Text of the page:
One day, he gets an offer to write a story for Le Monde, the big French newspaper. After initially declining, he remembers that Sophie had once told him to write an erotic story for her. In a libidinal, fateful decision, he one-take rips a long erotic story, second-person, to her—essentially an 8,000-word sext. He comes up with this idea to plan a trip for her two months in advance, have the story come out on the day of the trip, and writes it in a way that references this: when and how to touch herself, at which train stop, commenting on how all of France is reading it simultaneously, thinking this will heighten the excitement of it. It’s a radical act of literary exhibitionism he, fully in the throes of their mutual sexual spell, hopes will be taken as a grand love gesture. Carrère includes the story, in its entirety, as a chapter in the book.
It couldn’t go more wrong.
Day of, he doesn’t hear from her, he starts panicking, is convinced she’s with another man, and—without spoiling too much—things come crashing down in a way that involves an abortion for a pregnancy she initially says is his but, after doing the math and realizing the only time he could have slept with her in the right time frame was when he was suffering from “a bout of herpes that forced [them] to make love with condoms,” Carrére realizes it can’t be his.
The couple’s descent, after the publication of the story, as one might expect, is epic and terrible.
The thing is, she’d told him about seeing another man (though not the man she ended up getting pregnant from) months before. He’d been too preoccupied with his literary scheme, his artistic tasks, to even register it.
During one of the many episodes when he’s calling her over and over, trying to get a hold of her, and he finally does, he tells her he loves her more than he’s ever loved anyone, that this is serious, she can’t ignore him like this. To which she asks “[w]hat’s serious? . . . That I didn’t do what you wanted, like some character in a novel?”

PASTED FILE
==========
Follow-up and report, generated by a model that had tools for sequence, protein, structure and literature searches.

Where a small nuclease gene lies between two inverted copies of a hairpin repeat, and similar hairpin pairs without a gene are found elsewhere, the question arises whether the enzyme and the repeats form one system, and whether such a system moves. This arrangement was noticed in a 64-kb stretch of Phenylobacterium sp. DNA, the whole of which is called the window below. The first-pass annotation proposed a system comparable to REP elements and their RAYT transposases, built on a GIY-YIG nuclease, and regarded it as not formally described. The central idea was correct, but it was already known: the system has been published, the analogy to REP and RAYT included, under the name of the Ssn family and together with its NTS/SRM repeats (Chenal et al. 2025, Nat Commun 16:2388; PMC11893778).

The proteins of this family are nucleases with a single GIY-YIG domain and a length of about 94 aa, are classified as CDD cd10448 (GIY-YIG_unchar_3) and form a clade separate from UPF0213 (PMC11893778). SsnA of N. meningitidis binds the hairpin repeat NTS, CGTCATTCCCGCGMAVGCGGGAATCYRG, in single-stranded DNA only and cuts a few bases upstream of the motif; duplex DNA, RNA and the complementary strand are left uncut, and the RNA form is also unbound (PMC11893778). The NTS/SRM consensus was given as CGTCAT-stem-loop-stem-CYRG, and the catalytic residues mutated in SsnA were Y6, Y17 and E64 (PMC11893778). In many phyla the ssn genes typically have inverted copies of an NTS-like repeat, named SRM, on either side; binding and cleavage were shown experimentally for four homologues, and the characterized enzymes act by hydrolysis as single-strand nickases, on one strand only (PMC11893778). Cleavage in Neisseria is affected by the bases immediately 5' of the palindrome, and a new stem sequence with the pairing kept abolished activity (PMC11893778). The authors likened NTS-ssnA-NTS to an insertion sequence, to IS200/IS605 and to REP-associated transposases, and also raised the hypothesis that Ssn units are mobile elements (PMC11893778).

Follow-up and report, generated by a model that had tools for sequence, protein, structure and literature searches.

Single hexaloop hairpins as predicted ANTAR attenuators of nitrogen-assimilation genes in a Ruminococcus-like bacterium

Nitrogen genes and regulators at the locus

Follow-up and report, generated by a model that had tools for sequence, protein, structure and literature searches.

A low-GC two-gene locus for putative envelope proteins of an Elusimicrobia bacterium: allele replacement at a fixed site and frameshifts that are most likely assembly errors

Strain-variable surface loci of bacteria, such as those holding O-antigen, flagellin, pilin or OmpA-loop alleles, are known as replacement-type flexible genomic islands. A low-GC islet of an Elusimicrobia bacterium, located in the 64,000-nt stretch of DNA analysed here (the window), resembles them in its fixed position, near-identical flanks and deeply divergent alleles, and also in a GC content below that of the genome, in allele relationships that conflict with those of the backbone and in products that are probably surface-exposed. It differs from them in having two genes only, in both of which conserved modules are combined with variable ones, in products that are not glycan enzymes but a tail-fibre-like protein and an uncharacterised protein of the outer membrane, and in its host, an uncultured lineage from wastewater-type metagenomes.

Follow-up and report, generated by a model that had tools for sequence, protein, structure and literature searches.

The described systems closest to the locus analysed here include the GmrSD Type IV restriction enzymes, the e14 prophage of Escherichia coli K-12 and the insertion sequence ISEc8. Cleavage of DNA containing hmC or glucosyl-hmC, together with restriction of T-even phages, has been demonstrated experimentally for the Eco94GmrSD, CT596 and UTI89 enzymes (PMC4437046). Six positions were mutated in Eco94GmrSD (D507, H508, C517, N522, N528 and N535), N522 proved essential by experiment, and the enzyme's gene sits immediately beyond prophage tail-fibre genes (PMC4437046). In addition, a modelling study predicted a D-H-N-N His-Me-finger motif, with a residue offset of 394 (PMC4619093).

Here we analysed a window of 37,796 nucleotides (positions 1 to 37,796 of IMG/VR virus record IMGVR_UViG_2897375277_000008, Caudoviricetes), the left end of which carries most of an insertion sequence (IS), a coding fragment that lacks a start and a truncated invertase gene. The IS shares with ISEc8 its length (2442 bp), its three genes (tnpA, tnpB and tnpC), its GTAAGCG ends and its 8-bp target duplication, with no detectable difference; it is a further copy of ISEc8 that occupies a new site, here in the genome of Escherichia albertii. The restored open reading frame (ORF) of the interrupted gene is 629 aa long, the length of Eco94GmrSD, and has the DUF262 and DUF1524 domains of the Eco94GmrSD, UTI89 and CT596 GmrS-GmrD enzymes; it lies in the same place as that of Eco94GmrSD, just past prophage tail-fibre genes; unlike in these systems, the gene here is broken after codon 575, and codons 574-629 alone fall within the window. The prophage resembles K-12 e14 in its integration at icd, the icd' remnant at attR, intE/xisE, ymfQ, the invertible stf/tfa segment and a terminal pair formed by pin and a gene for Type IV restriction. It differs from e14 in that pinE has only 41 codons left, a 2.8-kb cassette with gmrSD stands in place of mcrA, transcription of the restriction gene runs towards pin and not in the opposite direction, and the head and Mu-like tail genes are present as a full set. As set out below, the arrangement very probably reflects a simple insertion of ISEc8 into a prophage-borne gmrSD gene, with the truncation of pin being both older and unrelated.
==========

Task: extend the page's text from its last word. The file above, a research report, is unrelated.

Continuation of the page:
Carrère tells us all this, and doesn’t spare himself one bit. When he’s mad about his story plan going awry, he says he becomes “like a child throwing a tantrum because someone has broken his toy.” He admits that he falls blindly in love, that once he thinks he’s got a woman in his grasp, he presumes her unending fidelity like a little boy does his mom. And, in so doing, stops seeing her as an autonomous person.
Carrère is pretty clear about the effects of this type of libidinal, explicitly exhibitionist literary oversharing: It ruins his life. “If you write enough horrible things,” he quotes from the movie Bizarre, Bizarre, “horrible things start to happen.” Later, in Yoga, reflecting back on this book, he says “he overstepped a boundary” and compares the book to an act of torturing someone. “Never tempt the devil,” his mom says.
On the question of genealogical oversharing, Carrère is less clear. At the end of the book, his nephew commits suicide. He attributes this to the family secret, the “shadow of his grandfather” looming over them, and states that “the shadow won.” More, on both fronts, the intimate and the genealogical, Carrère chose to share both of these stories. Whether he regrets it later or not, there was a faith in something, at the time, driving him to do so. Of all the books of his I read, I was most rapt and locked in on this one, felt I gained the most self-insight. Not just for the exhibitionistic sexual parts, which are always fun to read, but because of how unsparing he is towards himself.
Lives Other Than My Own (2011)
Where one turns after writing something so vulnerable, so soul-baring, is, naturally, outward. Lives Other Than My Own, which I read before My Life as a Russian Novel (and which Carrère actually began writing before My Life as a Russian Novel, though he was only able to finish it after that book was published) opens with Carrère, his wife Helene, and their children in Sri Lanka for Christmas, 2004, when the now-infamous Indian Ocean tsunami hits. Their friend’s four-year-old and another child are killed. It seems like the book will be about the aftermath of this, before, in typical Carrère fashion, taking a turn (possibly when he returned to the book, after finishing the previous one). It jumps ahead to his sister-in-law, Juliette, a judge, not long after the Sri Lanka trip, dying of cancer. Carrère starts spending time with Etienne, another judge and career-long coworker of Juliette’s, telling us their story, the types of cases they faced, their unique working partnership, their styles as judges.